The ruins of Portuguese India

Indian culture and wealth attracted many European empires to have their colonies on its shores. Portugese, French and British ruled different pockets of India over last 500-600 years. We all know the stories of British Empire because most of our history books are filled with all sort of information on their colonies in India. However the Portuguese empire goes quiet unnoticed as they ruled only small isolated pockets. The first Portuguese encounter with India was on 20 May 1498 when Vasco da Gama reached India. Shortly after discovering the route they formed a Colonial state in India which included cochin, goa, daman and diu and small pockets in Maharashta namely Vasai (erstwhile bassein) and chaul (near alibaug).

One fortification built by Portuguese empire still stands near alibaug, Maharashtra. The ‘not so famous’ sea-side fort is situated on a hillock near the KorlaiVillage and hence named as Korlai fort. The fort occupying whole hillock can be seen on left hand side when you cross the Revdanda bridge around 25 km from Alibaug.

While navigating through the sleepy fishing village on the base of hillock, local fishermen told us that there is nothing much to see up there, but the rugged fort proved them wrong. During our visit we found out some of the activities which can be enjoyed on the fort.

Explore a Lighthouse.

The fort of Korlai has a lighthouse which guides the modern day sailors and fishermen as they take to waters. The government has opened the lighthouse to tourists and it can be seen from inside with a nominal fees. The guide provides interesting facts about how the lighthouses are used by the sailors and local fishermen. The lighthouse tour was thoroughly knowledgeable experience.

Korlai lighthouse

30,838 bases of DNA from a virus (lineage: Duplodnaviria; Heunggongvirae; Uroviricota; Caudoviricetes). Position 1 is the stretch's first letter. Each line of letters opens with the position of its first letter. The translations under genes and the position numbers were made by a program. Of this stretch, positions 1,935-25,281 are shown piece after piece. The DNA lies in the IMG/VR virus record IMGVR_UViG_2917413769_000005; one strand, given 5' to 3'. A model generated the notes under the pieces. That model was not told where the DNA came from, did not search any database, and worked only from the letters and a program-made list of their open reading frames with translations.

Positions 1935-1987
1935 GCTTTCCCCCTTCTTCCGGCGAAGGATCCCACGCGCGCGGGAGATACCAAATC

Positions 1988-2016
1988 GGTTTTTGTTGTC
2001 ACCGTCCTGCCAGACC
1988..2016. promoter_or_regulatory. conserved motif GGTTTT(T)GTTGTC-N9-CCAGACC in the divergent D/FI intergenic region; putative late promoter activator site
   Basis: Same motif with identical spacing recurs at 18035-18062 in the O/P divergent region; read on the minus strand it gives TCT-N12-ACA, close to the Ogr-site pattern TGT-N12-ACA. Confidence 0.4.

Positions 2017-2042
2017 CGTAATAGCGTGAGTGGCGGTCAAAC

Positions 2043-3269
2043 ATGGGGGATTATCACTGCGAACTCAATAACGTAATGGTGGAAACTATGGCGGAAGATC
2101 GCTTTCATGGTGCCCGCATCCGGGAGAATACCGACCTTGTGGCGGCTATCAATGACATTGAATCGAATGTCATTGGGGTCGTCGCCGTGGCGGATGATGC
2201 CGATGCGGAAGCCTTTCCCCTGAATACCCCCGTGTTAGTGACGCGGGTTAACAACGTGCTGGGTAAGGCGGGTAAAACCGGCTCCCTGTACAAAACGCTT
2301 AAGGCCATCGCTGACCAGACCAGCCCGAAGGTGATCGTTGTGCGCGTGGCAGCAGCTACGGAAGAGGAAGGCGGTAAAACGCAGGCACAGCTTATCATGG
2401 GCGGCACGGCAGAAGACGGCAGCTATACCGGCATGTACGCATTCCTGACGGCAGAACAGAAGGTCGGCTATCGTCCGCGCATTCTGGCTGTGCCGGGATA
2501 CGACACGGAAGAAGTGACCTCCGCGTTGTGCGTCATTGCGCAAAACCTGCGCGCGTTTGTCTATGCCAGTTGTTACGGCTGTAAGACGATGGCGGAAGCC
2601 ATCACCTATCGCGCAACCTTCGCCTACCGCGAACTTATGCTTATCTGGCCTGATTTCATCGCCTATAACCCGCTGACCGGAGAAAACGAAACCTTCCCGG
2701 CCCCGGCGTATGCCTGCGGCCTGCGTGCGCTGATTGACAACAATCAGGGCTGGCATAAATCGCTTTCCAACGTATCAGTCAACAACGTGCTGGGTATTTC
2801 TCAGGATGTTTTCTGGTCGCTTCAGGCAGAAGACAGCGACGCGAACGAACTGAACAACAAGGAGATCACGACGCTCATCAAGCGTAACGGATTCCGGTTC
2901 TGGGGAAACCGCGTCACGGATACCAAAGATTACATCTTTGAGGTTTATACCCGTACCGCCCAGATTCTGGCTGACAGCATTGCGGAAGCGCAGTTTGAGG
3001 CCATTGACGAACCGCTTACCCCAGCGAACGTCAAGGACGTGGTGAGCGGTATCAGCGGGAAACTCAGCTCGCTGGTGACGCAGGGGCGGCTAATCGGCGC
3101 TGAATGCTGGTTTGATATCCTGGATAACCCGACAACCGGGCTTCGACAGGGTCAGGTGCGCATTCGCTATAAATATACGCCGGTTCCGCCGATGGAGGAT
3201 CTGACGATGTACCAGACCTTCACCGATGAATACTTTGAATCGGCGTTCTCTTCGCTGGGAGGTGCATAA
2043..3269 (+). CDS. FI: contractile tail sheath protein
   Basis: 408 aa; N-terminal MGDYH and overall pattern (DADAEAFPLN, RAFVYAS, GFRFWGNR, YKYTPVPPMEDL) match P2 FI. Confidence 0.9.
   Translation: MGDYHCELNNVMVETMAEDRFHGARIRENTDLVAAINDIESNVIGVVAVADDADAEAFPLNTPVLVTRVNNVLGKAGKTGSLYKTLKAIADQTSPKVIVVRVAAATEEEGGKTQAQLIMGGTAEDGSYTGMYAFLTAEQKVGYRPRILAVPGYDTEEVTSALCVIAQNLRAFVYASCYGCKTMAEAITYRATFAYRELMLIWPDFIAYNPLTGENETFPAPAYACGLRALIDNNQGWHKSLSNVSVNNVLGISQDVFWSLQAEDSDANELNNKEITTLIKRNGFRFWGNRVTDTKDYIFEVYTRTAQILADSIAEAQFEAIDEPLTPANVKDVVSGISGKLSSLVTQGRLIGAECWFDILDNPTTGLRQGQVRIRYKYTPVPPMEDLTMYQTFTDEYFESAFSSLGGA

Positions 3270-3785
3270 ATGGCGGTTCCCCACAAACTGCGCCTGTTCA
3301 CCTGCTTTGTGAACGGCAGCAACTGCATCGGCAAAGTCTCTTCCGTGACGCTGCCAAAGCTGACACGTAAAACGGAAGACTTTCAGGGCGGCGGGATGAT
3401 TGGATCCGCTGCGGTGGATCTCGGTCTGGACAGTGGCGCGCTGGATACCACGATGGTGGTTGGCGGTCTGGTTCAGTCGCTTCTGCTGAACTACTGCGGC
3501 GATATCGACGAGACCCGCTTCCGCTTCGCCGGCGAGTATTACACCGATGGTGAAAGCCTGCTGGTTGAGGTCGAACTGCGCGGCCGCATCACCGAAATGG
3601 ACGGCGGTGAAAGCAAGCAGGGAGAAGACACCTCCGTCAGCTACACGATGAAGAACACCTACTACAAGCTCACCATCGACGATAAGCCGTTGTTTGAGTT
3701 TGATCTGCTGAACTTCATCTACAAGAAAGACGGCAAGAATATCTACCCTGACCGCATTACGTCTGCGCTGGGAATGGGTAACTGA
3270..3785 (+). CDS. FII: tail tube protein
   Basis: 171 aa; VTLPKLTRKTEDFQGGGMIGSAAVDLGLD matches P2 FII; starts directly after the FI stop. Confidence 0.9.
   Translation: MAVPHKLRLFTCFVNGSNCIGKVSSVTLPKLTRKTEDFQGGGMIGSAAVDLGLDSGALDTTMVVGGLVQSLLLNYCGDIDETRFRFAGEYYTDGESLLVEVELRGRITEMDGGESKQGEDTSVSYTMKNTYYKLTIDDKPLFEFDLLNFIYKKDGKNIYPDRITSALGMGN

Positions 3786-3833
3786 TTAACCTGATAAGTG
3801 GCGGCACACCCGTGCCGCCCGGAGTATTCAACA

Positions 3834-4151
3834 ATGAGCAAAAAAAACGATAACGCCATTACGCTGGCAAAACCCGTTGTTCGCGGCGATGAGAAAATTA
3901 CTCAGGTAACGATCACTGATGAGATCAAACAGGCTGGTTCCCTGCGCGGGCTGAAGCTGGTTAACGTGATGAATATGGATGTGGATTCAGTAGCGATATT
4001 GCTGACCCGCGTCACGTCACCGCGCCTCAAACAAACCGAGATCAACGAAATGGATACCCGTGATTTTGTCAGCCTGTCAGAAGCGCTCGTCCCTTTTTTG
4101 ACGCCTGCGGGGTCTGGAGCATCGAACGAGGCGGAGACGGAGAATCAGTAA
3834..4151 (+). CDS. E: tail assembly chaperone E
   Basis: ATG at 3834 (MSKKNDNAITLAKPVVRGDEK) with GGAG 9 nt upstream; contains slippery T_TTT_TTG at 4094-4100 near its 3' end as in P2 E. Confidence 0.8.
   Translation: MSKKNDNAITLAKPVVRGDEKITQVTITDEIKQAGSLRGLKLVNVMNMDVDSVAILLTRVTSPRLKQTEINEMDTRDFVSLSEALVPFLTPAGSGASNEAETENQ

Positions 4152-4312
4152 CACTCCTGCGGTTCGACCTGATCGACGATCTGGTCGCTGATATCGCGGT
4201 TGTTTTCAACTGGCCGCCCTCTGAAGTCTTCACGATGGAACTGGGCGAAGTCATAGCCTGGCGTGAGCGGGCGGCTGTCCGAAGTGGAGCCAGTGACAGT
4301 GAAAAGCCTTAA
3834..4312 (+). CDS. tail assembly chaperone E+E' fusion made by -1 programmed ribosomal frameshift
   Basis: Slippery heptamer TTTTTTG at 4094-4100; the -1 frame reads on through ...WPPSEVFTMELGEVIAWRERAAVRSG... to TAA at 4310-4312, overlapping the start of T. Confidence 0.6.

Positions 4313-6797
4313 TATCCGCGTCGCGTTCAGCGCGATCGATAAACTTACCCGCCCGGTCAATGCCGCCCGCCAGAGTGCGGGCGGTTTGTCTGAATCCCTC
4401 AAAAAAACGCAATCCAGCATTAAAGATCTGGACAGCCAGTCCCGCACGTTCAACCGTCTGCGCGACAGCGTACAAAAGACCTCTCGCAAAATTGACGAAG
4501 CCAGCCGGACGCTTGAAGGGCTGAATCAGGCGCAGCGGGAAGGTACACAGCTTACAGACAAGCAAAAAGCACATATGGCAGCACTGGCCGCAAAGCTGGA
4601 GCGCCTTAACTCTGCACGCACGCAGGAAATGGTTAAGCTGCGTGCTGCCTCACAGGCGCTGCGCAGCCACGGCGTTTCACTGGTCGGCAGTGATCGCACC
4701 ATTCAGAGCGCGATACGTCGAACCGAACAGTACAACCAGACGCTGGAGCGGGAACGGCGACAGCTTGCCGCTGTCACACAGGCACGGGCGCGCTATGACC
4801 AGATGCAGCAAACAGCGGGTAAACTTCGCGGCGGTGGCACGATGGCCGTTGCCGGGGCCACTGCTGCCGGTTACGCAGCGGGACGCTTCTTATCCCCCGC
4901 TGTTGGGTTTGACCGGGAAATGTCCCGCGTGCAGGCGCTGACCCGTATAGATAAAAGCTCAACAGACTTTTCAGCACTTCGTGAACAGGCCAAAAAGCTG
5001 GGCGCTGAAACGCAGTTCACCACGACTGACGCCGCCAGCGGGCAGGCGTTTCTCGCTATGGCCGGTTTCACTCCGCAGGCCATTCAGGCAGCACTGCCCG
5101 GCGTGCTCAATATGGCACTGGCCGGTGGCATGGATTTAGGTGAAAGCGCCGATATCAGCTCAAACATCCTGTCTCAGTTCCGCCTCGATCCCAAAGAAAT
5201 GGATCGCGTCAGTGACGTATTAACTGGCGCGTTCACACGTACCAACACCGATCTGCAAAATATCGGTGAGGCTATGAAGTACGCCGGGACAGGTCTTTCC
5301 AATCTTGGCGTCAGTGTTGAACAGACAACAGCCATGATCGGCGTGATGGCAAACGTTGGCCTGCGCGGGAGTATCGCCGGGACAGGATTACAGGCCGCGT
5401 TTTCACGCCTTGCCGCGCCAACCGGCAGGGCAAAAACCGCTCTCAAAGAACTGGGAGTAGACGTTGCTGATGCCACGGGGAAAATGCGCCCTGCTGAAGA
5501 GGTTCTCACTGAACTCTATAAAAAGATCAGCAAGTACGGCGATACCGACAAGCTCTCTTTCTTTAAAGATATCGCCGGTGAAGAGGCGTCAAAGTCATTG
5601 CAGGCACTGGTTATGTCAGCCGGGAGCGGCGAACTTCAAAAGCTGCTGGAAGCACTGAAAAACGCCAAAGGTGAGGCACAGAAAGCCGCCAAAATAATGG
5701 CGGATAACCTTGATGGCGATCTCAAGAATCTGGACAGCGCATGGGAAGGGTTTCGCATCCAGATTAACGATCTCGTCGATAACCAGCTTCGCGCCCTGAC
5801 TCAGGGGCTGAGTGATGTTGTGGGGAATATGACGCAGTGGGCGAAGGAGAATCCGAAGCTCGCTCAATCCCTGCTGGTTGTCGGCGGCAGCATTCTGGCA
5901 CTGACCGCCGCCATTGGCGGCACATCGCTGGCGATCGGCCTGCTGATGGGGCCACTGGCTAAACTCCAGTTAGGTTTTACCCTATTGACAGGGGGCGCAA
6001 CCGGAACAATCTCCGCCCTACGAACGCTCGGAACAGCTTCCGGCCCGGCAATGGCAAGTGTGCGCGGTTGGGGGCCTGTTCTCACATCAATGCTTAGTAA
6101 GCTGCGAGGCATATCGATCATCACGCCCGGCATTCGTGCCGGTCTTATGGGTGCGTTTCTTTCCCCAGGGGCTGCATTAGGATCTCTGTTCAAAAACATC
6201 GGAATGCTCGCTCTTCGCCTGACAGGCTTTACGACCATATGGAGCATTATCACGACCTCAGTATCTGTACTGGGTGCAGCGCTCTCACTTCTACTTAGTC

Korlai lighthouse

Camping and angling

Waking up in a tent to the sound of waves is an experience to die for. While roaming on the fort we saw anglers fishing in the sea, they had set up a tent on a platform which was covered by water from 3 sides. The scene took me back by few years when me and my friends camped on Korlai beach and spent a night there. Sky studded with millions of stars, sand touching your feet as you sleep, the music of waves playing all night; all of this without having to pay a single rupee out of your pocket.

An excursion on foot

Lighthouse and a church are two prominent structures on the fort. The fort offers splendid views of vast sea and korlai beach and that makes it an ideal place for landscape photography. You can easily spend 2-3 hours roaming around the fort and exploring small private beaches and every other nook and corner of the fort.


10 thoughts on “The ruins of Portuguese India

  1. Never knew Korlai had any such history, keep up your good work. Hope you remember how treacherous the Korlai hike was for you me and Vishal when we went there in gaja’s santro.

    • how can i forget our visit….we had gone in monsoon and walked frm the base village to the fort !!! lolzzz….feels like going back again…we will plan again in monssoon….

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